Cyprus has a mixed Greek and Turkish heritage, which has led to a varied culture. Amongst the more Turkish elements are the hamams – and a visit to a hamam is sure to be an experience. Take a trip to Omeriye Hamam – a famous 14th Century restored Turkish bath in Nicosia’s old town. The interior of the building is ornate and beautiful, and it’s the perfect setting to try out this centuries-old tradition. The hamam is loosely based on the sauna principle but with added perspiring, exfoliating, splashing in cold water and pummelling. It’s guaranteed to leave you feeling refreshed, invigorated and ready to take on some serious sightseeing, indulge in some extreme sports or simply indulge your newly rejuvenated body with come delicious Cypriot cuisine.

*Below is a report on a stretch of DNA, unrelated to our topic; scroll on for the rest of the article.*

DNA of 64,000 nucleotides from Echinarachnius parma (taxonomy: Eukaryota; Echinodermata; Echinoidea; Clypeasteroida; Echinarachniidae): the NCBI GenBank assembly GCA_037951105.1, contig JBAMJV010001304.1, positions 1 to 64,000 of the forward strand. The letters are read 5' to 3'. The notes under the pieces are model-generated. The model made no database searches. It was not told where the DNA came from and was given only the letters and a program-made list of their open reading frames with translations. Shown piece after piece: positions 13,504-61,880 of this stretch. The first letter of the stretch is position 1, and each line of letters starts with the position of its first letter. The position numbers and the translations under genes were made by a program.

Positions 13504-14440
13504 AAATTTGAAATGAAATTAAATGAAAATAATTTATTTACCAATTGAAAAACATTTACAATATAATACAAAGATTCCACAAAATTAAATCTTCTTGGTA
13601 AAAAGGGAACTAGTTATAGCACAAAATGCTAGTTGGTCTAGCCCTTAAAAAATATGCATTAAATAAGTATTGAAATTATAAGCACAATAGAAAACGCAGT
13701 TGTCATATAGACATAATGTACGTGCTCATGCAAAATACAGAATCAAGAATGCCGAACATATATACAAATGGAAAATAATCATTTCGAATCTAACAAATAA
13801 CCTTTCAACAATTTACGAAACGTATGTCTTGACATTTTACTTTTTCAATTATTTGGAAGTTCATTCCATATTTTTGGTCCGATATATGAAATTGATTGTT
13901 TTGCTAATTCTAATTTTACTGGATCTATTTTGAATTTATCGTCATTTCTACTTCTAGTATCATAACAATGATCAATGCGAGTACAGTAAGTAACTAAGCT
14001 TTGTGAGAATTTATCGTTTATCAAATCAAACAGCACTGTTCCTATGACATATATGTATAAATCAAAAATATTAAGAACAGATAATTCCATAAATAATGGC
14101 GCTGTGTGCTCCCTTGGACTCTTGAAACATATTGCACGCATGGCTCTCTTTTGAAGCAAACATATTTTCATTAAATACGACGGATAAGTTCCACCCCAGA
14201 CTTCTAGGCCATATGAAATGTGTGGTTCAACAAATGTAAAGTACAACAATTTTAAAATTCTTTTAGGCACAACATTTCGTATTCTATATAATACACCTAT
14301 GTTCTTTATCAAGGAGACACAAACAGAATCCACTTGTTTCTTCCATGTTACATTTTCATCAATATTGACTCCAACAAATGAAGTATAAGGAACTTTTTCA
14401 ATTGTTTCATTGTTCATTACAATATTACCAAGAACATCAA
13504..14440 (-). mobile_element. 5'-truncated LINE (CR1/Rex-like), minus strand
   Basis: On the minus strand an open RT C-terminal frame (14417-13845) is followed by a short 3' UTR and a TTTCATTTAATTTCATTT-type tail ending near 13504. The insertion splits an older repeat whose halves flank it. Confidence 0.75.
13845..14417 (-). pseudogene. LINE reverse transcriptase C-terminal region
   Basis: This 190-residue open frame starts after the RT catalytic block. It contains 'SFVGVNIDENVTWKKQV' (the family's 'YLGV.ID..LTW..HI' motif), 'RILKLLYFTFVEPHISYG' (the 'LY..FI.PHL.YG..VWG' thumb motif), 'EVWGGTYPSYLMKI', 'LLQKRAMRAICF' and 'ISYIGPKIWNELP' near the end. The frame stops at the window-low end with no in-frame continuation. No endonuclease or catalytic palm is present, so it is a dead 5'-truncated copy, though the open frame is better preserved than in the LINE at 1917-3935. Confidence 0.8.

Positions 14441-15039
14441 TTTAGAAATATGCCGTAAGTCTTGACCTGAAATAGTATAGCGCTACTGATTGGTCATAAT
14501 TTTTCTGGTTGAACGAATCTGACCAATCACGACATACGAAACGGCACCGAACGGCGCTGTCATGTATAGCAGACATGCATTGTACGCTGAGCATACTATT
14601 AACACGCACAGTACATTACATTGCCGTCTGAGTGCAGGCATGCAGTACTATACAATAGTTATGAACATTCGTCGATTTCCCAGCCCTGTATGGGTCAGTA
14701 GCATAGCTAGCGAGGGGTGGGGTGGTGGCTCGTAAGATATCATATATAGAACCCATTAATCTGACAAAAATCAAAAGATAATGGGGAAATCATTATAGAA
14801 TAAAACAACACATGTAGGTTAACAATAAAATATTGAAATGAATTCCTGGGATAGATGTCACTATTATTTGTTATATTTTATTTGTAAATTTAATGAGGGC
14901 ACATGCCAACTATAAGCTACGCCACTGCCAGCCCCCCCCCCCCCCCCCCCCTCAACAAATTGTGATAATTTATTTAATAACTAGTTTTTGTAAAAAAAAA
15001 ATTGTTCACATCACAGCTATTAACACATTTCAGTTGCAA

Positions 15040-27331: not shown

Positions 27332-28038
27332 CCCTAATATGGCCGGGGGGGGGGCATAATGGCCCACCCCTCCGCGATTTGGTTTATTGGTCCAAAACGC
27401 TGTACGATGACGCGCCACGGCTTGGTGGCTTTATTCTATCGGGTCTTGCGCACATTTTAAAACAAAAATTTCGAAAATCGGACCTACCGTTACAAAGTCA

Hotels in Cyprus
Cyprus has something for everyone regardless of age or budget, and this is also true of Cyprus’ accommodation options. Cyprus hotels and resorts range from luxury five-star hotspots to economical budget options, but every hotel offers the chance to experience the outstanding natural beauty of this island.
For intimate romantic holidays at boutique hotels to family-friendly escapes and resorts complete with restaurants, bars, sports and spa facilities, and nightly entertainment – Cyprus has the perfect hotel accommodation to suit your needs. Discover more about some of the best hotels Cyprus has to offer or find and compare cheap flights to Cyprus from Liverpool in our search at the top of this page.
Whether you prefer to lounge around in the lap of luxury at a five-star hotel right on the beach with every amenity, or you prefer an independent hotel apartment or villa with private pool – or even a quiet hideaway in the hills for a more natural and romantic experience – you will find what you want on the island. Our guide to Cyprus hotels can help you find the perfect accommodation to suit you whatever your preference, at rates that give you great value for money.